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Discriminative touch and emotional touch.

Review article
Authors Francis McGlone
Åke Vallbo
Håkan Olausson
Line Sofie Löken
Johan Wessberg
Published in Canadian journal of experimental psychology = Revue canadienne de psychologie expérimentale
Volume 61
Issue 3
Pages 173-83
ISSN 1196-1961
Publication year 2007
Published at Institute of Neuroscience and Physiology, Department of Physiology
Institute of Neuroscience and Physiology, Department of Clinical Neuroscience and Rehabilitation
Pages 173-83
Language en
Keywords Affect, Afferent Pathways, physiology, Central Nervous System, physiology, Discrimination (Psychology), Humans, Touch
Subject categories Clinical neurophysiology, Neurophysiology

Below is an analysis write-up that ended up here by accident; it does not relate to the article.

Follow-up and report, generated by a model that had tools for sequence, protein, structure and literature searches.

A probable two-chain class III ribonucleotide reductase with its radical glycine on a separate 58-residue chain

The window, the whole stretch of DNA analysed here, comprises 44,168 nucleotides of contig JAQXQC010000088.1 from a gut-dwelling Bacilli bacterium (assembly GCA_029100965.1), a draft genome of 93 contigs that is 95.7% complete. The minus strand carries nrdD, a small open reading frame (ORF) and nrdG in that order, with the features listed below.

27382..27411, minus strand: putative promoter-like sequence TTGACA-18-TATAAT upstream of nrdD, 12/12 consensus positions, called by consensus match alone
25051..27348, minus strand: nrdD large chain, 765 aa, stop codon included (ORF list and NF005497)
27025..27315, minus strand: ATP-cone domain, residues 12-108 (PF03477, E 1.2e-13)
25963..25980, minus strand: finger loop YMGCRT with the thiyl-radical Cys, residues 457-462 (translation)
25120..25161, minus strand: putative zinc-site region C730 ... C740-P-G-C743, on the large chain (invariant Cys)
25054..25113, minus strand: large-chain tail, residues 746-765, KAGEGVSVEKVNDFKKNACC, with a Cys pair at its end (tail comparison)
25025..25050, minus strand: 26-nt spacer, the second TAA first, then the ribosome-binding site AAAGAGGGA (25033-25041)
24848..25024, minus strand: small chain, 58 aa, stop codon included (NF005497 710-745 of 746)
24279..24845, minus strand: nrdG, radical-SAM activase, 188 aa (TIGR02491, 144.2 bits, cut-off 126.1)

Somatic sensation comprises four main modalities, each relaying tactile, thermal, painful, or pruritic (itch) information to the central nervous system. These input channels can be further classified as subserving a sensory function of spatial and temporal localization, discrimination, and provision of essential information for controlling and guiding exploratory tactile behaviours, and an affective function that is widely recognized as providing the afferent neural input driving the subjective experience of pain, but not so widely recognized as also providing the subjective experience of affiliative or emotional somatic pleasure of touch. The discriminative properties of tactile sensation are mediated by a class of fast-conducting myelinated peripheral nerve fibres--A-beta fibres--whereas the rewarding, emotional properties of touch are hypothesized to be mediated by a class of unmyelinated peripheral nerve fibres--CT afferents (C tactile)--that have biophysical, electrophysiological, neurobiological, and anatomical properties that drive the temporally delayed emotional somatic system. CT afferents have not been found in the glabrous skin of the hand in spite of numerous electrophysiological explorations of this area. Hence, it seems reasonable to conclude that they are lacking in the glabrous skin. A full understanding of the behavioural and affective consequences of the differential innervation of CT afferents awaits a fuller understanding of their function.

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